Monthly Archives: September 2003

Today I get a new look for BBJ/work, which will ripple through the rest of the site once I have the time. I broke one of my own rules [which are made to be broken, after all], in that I designed it, but didn’t code it myself – instead my massive thanks goes to Tom for coding up my spiffing new template for kicks, and an Alias boxset.

The design is massively influenced by Jessica Helfand and Bill Drenttel‘s work, specifically the jacket design for Jessica’s book of essays on information and interaction design: “Screen”.

There are a few rough edges, and a few bugs, which will get ironed out in the next few days once I understand what’s going on. Leave bug reports or general brickbats in the comments to this post if you feel like…

Nodes. No point.

  • What does place mean to the connected? [via Chris]

  • Jeff Lash: Soft Skills for the information architect [via Christina]
  • Morlock’s lament:
    “Somewhere, somehow, we told people that everything about computers should be easy and intuitive. That you shouldn’t have to learn anything, or read manuals. That you should be able to grasp everything in ten or fifteen minutes. What nonsense. Some things just aren’t easy. Quantum mechanics. Tensor calculus. Navajo verbs forms. Old Norse. Getting rich.”Mark Bernstein

    I dig those cartoony introduction to quantum mechanics and old norse books however. Via Victor.

  • Punyhumans on Nokia’s 7600 and mankind inventing the tricorder 3 centuries early, except better than those Starfleet commies:

    Punyhuman#1: “what i’ve never been able to figure out is, how come the federation never figured out how to combine their ‘tricorder’ technology with their communicators? and, apparently, they develop something called a PADD around the TNG era. that’s three separate interfaces that we’ve been able to combine into one! what gives with that? star trek is my template for tech development, and it’s starting to piss me off — we’re surpassing them in usability! my illusions are like so totally shattered.”

    Punyhuman#2: “The Federation is run by Communists. Having a tricorder factory, a PADD factory, and a communicator factory lets them keep more proles on the dole. Of course, anyone who asks too many questions gets assigned to the Enterprise and issued a red shirt.”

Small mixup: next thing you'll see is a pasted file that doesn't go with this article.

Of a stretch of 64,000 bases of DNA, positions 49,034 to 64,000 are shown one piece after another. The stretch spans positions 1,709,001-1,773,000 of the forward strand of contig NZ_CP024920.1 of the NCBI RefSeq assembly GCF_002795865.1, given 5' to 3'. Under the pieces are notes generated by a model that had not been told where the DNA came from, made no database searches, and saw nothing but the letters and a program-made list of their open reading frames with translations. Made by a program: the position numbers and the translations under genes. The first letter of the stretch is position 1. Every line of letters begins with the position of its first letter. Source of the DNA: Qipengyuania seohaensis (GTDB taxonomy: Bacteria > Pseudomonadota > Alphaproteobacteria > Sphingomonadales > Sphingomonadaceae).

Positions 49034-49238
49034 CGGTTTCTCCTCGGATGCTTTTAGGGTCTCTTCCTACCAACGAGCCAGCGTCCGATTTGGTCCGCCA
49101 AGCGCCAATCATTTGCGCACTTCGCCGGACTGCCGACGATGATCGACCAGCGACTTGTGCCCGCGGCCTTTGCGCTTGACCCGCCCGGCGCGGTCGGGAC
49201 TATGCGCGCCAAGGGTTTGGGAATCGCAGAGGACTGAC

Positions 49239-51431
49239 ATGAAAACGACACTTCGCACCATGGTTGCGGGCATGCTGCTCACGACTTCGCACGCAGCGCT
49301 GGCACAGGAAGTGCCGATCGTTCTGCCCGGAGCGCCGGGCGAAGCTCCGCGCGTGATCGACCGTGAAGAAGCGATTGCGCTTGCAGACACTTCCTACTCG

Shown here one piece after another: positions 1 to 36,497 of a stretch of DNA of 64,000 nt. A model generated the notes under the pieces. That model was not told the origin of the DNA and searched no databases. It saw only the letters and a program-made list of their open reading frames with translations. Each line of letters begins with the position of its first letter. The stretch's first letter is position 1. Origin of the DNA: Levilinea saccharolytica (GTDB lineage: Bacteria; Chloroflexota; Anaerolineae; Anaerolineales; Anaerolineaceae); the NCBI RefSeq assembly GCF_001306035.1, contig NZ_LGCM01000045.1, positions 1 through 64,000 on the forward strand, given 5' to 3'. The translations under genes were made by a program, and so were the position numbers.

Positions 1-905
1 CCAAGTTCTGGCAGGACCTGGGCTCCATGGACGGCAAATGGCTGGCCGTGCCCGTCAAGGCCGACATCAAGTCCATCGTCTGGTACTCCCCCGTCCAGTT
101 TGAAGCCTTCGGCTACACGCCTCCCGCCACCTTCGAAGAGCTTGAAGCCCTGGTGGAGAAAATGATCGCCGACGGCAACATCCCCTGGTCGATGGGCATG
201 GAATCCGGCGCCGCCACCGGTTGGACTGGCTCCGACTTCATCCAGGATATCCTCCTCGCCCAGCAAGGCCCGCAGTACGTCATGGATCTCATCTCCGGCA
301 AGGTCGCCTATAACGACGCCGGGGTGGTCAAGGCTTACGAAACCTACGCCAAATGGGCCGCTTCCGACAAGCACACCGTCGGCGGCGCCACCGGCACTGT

• Tom on
  • Alex Wright on Macromedia Central, from March this year

Sunny here. Work now.

Fabio Sergio reprises some favourite themes of his after they were given a Rheingold-remix:

“We all know that most choices are not devoid of strong economical implications, and that the role of any type of currency, especially when social in nature, can make or break the hypothetical ‘freedom’ we are told to be enjoying in the western world. If everyone else will be instantly available, all the time, will it be culturally acceptable not to be? Within certain social circles is it even acceptable today? I can assure you that for most European teen-agers not having a mobile phone is akin to not having a car in the US…”

Worth a read, if you believe discussion of a culture can’t be made without discussion of it’s tools.

Bleakly, tangentially related quote of the day:

“I watch every day what you are doing as a society. While you sit by and watch your Constitution being torn away from you, you willfully eat poisoned food, buy manufactured products no one needs and turn an uncaring eye away from millions of people suffering and dying all around you. Is this the “Universal Law” you subscribe to?

Perhaps I should let you all in on a little secret. No one likes you in the future.”

From the literally fantastic, which Lee pointed me too. That last line has been playing on my mind all day, and probably will for a long while…

Delegates at the UK’s most important TV industry conference voted on scenarios for 2010 and plumped for the end of linear, time-bound TV (3 years earlier than my 2013 stories…)

[scenario] 5 Death of linear TV: Broadband internet and personal video recorders (PVRs) grow rapidly and films and sports become available online causing broadband penetration to reach 35% and undermining pay TV. PVRs in 35% of homes mean that viewers watch 40% of programmes at different times and skip the ads.

How they voted: 39% of the delegates decided that the death of linear TV was the most likely scenario”

» MediaGuardian: The end for who?

Anthony Townsend via Howard Rheingold via via Gizmodo via

“As every person completes more tasks, communicates with more people, coordinates activities among more social networks in the same amount of time, the aggregate effect is an acceleration of the urban metabolism.”